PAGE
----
For reference sake, Black 18 in the Original Diagram is the only move. 25 incurs the attachment of 20 and capture in a loose ladder.

Weaker players may find this last comment difficult to understand. Therefore, an additional problem is given here:

Tesuji for One Million People


White to Play

Problem presented by Takemiya Masaki 8 dan in Kido, October 1977

White’s four stones on the left and right are separated by Black’s three stones. If possible, it would be desirable to save both sides simultaneously. That is the kind of scene that this is.



By pushing through and cutting with White 1 and 3, then taking control of Black’s stone with 5, the stones on the right side can be saved, but when the turning move of Black 4 is added, the insecurity of the stone on the lower side cannot be alleviated.

Double Play


Diagram 1 (Attachment Technique [Suji])

Without a move-in-a-row of Black 1 here, the flaws in the shape can be exploited by the attachment of White 1, the first blow of this tesuji.


Diagram 2 (Descending Technique [Suji])

If Black connects at 2, White hanes at 3 as a forcing move that compels Black to turn at 4, then descends at White 5, the second blow of the tesuji. Since White can make the throw-in at A, it is impossible for Black to ignore this to play elsewhere.


Diagram 3 (Enclosing with a Fencing-In Move)

Black has no choice but to play atari at 1, so White presses at 2, then encloses Black’s stones with the fencing-in move at 4. White’s positions on the left and right now have clear weather and smooth sailing from now on.


Diagram 4 (Take Care with the Order of Moves)

Should White start by descending at 1, that would be exchanged for the Black atari at 2, and after the White attachment of 3 it might look like it is the same thing, but once Black has the stone at 2 in place, White no longer can play at A to squeeze Black’s stones with a forcing-sequence, so the variation in Diagram 2 is the correct one. [Note: The point is that in Diagram 2 White forces concessions in the center from Black without compromising the position on the lower side.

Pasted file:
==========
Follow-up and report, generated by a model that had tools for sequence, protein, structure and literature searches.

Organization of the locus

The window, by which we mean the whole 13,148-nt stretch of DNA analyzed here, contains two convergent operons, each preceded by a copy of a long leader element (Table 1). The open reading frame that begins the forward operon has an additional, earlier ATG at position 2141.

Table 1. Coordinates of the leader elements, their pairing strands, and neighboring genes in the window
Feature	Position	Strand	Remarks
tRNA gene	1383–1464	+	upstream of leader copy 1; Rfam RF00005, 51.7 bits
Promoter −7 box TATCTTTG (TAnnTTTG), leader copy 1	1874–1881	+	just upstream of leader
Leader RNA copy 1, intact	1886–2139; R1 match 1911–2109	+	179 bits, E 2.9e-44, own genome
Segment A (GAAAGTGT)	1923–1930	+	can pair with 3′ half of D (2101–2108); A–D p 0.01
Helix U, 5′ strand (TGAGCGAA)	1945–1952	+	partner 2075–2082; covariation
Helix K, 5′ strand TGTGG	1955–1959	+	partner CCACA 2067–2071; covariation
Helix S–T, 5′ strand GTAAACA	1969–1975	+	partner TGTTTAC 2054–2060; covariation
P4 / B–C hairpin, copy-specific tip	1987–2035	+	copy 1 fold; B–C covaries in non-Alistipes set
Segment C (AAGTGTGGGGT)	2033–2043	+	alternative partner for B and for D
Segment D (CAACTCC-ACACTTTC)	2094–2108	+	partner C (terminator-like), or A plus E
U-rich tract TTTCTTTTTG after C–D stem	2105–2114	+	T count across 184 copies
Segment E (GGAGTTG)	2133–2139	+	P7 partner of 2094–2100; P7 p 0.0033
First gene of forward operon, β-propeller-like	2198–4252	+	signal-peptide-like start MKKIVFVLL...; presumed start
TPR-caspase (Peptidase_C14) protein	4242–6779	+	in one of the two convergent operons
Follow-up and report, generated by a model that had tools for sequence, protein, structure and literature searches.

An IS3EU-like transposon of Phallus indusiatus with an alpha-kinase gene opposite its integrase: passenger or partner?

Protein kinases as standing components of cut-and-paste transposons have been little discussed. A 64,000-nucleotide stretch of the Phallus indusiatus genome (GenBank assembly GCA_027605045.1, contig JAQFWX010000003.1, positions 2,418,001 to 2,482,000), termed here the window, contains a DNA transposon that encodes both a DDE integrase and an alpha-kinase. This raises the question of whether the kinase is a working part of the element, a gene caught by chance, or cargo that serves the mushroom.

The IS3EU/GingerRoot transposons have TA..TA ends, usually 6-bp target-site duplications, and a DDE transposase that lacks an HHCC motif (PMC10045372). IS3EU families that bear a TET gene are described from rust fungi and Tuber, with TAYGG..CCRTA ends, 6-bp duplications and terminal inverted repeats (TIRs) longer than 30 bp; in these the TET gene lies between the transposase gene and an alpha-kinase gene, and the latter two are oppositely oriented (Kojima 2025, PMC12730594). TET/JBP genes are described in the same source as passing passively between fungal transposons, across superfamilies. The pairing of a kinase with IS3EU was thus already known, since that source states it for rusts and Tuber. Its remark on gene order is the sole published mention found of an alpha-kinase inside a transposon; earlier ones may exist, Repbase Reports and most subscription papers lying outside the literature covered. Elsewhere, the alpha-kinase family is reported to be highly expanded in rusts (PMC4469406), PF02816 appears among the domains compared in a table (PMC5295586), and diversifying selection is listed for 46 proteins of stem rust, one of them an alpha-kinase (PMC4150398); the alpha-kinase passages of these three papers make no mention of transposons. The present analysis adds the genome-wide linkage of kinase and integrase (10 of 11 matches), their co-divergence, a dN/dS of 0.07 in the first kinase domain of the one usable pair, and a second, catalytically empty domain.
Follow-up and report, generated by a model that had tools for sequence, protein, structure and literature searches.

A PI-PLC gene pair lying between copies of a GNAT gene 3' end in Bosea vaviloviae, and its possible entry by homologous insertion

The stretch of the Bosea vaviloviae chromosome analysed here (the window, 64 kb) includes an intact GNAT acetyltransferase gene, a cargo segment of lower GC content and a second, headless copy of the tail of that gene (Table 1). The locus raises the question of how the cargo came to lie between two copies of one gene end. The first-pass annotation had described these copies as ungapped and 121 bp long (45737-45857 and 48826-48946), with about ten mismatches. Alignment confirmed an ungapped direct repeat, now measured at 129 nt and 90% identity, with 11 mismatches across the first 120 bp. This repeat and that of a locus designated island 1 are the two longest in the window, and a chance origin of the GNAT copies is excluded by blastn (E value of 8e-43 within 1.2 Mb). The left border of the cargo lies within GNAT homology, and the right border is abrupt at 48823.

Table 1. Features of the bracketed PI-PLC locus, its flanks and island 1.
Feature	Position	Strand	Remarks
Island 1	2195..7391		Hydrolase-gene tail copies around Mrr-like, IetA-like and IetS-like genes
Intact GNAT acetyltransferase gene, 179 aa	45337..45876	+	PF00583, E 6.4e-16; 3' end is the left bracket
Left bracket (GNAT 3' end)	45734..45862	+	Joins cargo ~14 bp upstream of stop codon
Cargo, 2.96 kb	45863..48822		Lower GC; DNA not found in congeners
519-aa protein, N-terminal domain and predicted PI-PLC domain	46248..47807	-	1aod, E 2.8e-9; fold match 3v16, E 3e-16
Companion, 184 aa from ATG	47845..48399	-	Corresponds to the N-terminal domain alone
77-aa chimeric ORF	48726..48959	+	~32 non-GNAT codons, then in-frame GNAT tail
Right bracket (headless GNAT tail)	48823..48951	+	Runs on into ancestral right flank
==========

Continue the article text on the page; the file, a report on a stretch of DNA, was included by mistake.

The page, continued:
My Japanese go club, the South Bay Ki-in, has been playing the current tournament with an oversized komi system. I do not like this, because I often have to give opponents more than 150 points as the komi! That means that I frequently have to kill a lot of the opponent’s stones in order to win. I do not care for that. I think that it is demoralizing for the opponent and encourages overplays on my part. Then, when I play strong players, I can use the same sloppy methods. I prefer to win through good technique. In fact, I like to win very close games, by just a couple of points.

Next tournament, the club is going back to a stone handicap system. I am looking forward to that. Not only does that allow me to fight all-out with no fear of bad technique, but I have a great deal of experience in playing against handicap stones. Weaker players lack that experience most of the time.

I also know a lot of trick moves to use against weaker players. I suppose that is bad technique as well, but it is a lot of fun to play that way!

Those who wish to comment on the opinions expressed here may send their thoughts to info@GoWizardry.com. The most interesting responses will be addressed in future postings.

Robert J. Terry